The misting of her eyes almost completely distracted me from the words coming out of her mouth. As we stood side by side, overlooking a magnificent skyline view of twinkling skyscrapers, she told me her summer in Manhattan was not what she had been expecting. I knew something was very wrong when my strong-willed, outgoing friend told me to this story with tears in her eyes:
“Whoa, what size shoe are you?” her 30-year-old male co-worker asked.
“I’m a size 11. I have pretty big feet,” my 6’1″ friend replied.
“You know what they say about a woman with big feet?”
“A big clit.”
This conversation took place on the first day of my friend’s bartending job. Balancing two jobs, an internship, and a night class, harassment in the workplace is not something she was interested in adding to her plate.
Later that night, after her first-day training had ended, the same co-worker asked her about her sex life. “You’re young, you should just fuck. Fuck everyone! You are so young, you should just fuck everyone,” he said.
The next night, as she was leaving the bar, another male co-worker asked her, “Are you really going out in that? You look like you’re about to go work a street corner.”
This harassment went on for weeks. It is still going on as I type this. The most recent comments transpired last night. On her way to the gym, my friend was wearing her spandex when she went back to the bar to pick up her bag that she had forgotten.
After commenting about her spandex, her co-worker asked her if she was taking steroids. “Are you gonna grow a dick? Are you wearing a cup?” her two co-workers said, laughing.
My friend shot them an angry look, told them they were being gross, and asked them to stop.
“You’re going to walk out in the street and have every guy looking at you. At least let us, people you know, check you out!” another co-worker said.
As we were discussing this issue on the rooftop, my friend shared with me her growing feelings of self-disgust.
“I feel incredibly uncomfortable at work, and it’s a big distraction that doesn’t just stay in the workplace, but is constantly on my mind when I’m at home or trying to concentrate in class,” she said. “It makes me feel terrible about myself, and that I am just an object to look at.”
I could feel myself swell with anger when my friend told me this — not only because this was so wrong and no one deserved to be treated with such disrespect, but also because I realized that, unlike her, I was having the time of my life this summer in Manhattan. I’ve never concentrated more in any class than the journalism class I currently attend, and the lovely women I work with here at The Frisky compliment me rather than torment me.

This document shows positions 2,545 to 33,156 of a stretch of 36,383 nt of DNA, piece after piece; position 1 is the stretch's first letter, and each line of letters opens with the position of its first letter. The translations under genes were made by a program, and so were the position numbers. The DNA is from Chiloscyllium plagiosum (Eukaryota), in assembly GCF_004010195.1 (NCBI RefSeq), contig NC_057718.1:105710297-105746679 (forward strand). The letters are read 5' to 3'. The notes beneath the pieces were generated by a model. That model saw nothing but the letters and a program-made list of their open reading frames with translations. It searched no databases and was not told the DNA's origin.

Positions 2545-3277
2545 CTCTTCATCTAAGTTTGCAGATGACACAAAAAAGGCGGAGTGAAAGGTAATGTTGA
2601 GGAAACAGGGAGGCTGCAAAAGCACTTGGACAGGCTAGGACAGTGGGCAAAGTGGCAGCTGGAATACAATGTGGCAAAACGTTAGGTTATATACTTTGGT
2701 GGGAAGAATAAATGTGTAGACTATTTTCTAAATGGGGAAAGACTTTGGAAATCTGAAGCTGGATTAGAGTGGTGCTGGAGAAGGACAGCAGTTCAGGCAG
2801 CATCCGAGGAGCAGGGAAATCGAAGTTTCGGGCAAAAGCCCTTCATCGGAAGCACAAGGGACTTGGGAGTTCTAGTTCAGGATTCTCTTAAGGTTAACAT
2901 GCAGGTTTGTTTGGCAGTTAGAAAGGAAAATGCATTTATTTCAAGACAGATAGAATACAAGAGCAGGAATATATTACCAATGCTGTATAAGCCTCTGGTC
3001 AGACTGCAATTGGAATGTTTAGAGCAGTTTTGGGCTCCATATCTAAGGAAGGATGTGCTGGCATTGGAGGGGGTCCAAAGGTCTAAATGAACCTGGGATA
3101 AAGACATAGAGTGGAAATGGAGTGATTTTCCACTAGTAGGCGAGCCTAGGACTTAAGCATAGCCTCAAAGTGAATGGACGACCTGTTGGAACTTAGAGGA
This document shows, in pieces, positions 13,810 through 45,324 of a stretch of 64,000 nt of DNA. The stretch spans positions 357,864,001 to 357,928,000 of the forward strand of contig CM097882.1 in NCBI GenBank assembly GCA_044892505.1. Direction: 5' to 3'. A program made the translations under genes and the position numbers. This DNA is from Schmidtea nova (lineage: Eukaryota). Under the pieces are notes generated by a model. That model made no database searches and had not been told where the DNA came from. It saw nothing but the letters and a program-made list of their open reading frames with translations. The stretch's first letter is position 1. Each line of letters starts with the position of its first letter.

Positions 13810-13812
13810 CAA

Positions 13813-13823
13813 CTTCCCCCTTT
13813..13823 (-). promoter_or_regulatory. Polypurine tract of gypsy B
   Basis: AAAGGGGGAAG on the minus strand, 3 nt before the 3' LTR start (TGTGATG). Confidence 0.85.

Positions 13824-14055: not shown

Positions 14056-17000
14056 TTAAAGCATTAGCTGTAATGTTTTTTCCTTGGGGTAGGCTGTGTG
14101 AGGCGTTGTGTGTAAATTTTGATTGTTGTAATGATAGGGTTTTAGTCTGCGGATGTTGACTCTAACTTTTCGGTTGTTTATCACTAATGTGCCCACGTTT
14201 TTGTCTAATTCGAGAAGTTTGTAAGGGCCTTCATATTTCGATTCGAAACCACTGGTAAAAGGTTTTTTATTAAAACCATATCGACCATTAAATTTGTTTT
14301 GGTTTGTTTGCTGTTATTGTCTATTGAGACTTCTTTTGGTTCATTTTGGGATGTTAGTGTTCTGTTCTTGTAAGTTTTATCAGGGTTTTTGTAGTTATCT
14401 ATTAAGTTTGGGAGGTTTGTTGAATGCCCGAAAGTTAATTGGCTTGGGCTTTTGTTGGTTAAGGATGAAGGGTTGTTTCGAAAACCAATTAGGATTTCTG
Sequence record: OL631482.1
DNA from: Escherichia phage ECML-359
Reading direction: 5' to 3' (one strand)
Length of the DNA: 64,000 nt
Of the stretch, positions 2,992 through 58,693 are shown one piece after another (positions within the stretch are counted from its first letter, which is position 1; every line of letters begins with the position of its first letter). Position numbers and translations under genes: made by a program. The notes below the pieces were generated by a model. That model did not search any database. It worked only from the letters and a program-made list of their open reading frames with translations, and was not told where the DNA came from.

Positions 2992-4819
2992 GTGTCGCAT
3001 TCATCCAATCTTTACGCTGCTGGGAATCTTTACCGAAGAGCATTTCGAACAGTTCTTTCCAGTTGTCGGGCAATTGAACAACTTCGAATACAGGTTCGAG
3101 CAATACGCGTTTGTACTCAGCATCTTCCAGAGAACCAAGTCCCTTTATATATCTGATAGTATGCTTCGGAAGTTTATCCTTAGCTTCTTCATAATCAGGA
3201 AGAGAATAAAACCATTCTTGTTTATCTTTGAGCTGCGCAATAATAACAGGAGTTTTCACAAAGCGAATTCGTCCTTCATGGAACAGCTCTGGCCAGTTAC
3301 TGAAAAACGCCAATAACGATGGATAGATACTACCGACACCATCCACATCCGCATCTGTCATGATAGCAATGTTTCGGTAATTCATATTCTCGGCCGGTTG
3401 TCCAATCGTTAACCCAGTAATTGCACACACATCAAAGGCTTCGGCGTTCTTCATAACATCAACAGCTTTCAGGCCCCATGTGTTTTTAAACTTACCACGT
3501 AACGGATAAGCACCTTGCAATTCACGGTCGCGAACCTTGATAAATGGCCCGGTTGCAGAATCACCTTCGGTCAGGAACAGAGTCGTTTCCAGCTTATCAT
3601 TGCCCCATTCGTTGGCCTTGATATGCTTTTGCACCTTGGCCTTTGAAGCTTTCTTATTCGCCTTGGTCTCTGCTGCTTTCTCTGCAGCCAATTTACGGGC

I thought I was lucky, but why should I be one of the very few? A study conducted in 1994 of interns working in mass communications found that 49 percent of those questioned said they had experienced sexual harassment during their internships. (Likewise, 77 percent of unpaid internships are filled by women.) Outside of an internship, 40 to 90 percent of women in the U.S. workforce have reported being victims of some form of sexual harassment in the workplace, according to the Equal Rights Advocates. The percentage of sexual harassment in both internships and jobs are hard to calculate due to various reasons, including women fearing the lose of their job or further harassment if the incident(s) is reported.
Working with seven other women, I never have to wonder if I will be sexually assaulted or harassed in a meeting or talking with a co-worker. While I am fortunate to have such a great internship, I know that feeling safe in my workplace is not something that I should see as being “lucky” to have, but something that should be required and expected in every internship and job that women pursue.
Watching the city life dance below us, my friend and I stood on the rooftop, totally perplexed by what our summers were shaping into. Months before school got out, we were ecstatic about our “summer in the city” and all the adventures we would chase and the quirky New Yorkers we would befriend. Although we both have been experiencing moments this summer that will last a lifetime, I hope that some of the experiences my courageous friend has been facing will die in that bar.
This post is originally published at The Frisky, where Daley is currently serving as an intern. It is cross-posted with permission.